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17 August in the History of Psychology
On August 17:
1848 — The Norwegian parliament passed the Act for the Treatment and Care of the Mentally Ill, Norway's first parliamentary law relating to mental health. The act was the work of Fredrik Holst and Herman Major. It was followed by the establishment of Norway's first psychiatric hospital, the Gaustad Asylum, in 1855.
1886 — The doctoral dissertation of Harry Kirke Wolfe was approved by Wilhelm Wundt and others at the University of Leipzig. Wolfe was the second American, after Cattell, to earn a degree under Wundt. His dissertation topic was memory for tones. Wolfe returned to the United States, where he founded the psychology program at the University of Nebraska.
1891 — Abraham Kardiner was born. Kardiner was a cofounder of the first psychoanalytic training school in the United States, the New York Psychoanalytical Institute (1930). He applied psychoanalytic principles to cross-cultural studies.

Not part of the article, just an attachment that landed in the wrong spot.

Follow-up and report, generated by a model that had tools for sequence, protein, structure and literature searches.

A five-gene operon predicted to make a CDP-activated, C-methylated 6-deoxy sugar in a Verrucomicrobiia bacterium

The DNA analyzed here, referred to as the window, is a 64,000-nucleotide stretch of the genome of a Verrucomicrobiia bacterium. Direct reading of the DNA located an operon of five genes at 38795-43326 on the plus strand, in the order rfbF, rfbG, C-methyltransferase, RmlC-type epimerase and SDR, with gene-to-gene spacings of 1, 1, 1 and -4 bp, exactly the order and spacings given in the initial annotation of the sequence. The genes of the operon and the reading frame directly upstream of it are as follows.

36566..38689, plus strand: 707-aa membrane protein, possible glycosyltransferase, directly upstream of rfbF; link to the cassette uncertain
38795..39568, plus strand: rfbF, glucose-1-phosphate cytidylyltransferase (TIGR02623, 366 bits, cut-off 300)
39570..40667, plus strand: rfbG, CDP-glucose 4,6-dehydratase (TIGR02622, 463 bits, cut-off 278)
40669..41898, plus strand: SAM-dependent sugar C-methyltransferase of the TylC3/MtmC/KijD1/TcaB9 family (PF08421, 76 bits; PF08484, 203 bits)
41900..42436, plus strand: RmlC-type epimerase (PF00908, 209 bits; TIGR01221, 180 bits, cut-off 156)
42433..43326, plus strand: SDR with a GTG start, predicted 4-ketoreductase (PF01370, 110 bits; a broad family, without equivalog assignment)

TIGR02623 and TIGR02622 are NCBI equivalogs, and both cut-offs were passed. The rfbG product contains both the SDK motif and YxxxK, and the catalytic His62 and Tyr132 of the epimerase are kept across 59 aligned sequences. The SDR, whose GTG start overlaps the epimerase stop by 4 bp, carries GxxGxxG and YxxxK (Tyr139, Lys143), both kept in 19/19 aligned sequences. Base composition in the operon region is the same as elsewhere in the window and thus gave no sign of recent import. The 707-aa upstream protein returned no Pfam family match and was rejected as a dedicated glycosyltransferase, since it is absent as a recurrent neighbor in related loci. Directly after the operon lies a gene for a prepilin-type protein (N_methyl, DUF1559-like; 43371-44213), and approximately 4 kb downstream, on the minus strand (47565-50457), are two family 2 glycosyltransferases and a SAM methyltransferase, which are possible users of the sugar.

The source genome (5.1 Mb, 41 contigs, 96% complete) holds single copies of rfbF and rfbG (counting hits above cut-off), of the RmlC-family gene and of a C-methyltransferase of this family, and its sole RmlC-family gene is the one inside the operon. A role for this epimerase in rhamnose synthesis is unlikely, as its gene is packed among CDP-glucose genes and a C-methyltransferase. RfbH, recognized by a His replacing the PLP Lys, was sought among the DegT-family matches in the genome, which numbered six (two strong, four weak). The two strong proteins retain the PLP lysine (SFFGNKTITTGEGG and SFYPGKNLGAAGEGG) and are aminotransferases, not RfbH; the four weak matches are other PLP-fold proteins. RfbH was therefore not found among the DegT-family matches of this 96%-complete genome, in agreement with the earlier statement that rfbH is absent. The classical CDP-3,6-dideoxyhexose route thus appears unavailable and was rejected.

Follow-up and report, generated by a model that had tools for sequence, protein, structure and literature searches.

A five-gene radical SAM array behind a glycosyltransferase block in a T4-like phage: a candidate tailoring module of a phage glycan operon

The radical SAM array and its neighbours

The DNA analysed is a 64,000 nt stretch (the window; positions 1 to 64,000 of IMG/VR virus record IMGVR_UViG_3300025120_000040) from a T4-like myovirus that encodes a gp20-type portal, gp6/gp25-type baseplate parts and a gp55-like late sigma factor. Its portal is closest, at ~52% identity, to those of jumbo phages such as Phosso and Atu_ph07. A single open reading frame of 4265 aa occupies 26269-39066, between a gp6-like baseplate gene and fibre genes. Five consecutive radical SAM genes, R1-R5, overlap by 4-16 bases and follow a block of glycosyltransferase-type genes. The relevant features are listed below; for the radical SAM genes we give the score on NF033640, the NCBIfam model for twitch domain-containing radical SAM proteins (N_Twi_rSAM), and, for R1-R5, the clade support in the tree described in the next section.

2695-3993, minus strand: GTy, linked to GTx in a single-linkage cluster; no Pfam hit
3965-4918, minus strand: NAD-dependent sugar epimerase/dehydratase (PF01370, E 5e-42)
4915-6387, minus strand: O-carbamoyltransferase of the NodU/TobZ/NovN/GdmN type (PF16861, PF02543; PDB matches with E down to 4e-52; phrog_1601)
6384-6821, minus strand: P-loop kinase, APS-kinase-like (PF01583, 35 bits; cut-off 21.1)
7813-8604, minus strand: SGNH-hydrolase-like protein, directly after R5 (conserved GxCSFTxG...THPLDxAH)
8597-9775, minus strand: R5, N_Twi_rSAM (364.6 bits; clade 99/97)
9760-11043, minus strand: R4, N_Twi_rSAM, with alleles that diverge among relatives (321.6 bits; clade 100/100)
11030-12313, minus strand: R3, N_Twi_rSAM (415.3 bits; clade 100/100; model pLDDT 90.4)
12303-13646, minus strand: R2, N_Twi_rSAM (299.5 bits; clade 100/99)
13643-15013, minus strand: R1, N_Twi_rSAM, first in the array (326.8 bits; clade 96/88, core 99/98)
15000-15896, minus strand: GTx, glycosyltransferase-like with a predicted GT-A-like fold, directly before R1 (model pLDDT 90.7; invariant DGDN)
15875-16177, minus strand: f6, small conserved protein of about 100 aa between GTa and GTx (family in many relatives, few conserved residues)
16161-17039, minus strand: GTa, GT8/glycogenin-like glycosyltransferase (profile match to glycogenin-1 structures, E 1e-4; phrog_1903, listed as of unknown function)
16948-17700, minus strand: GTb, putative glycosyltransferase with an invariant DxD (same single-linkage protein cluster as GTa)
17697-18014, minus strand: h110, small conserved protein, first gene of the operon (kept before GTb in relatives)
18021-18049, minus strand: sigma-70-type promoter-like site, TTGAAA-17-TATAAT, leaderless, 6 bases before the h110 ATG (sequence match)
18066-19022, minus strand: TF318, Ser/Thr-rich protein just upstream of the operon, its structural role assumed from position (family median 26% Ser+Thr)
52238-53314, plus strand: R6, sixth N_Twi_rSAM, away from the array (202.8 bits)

1895 — Edward L. Thorndike, recently graduated from Wesleyan University, applied for admission to graduate study at Harvard University. Thorndike earned a master's degree at Harvard in 1897 before entering Columbia University to complete his doctoral studies.
1943 — Clark Hull's book Principles of Behavior was published. Hull explained his hypothetico-deductive theory of behavior and provided supportive evidence in that book.
1950 — The U.S. State Department established a National Psychological Strategy Board to coordinate its propaganda and psychological warfare efforts in the "cold war" with the Soviet Union.
1973 — The Council for the Advancement of the Psychological Professions and Sciences filed a class action suit against Blue Cross/Blue Shield. The "Blues" would not cover psychological services for federal employees without a physician's referral. The suit was eventually dismissed when federal legislation (Public Law 93-363) removed the referral requirement.
1991 — The first APA Award for Distinguished Contributions to the International Advancement of Psychology was presented to Otto Klineberg at the APA convention in San Francisco.
1992 — The Association for High School Teachers of Psychology was formed at the Washington, DC, convention of the APA.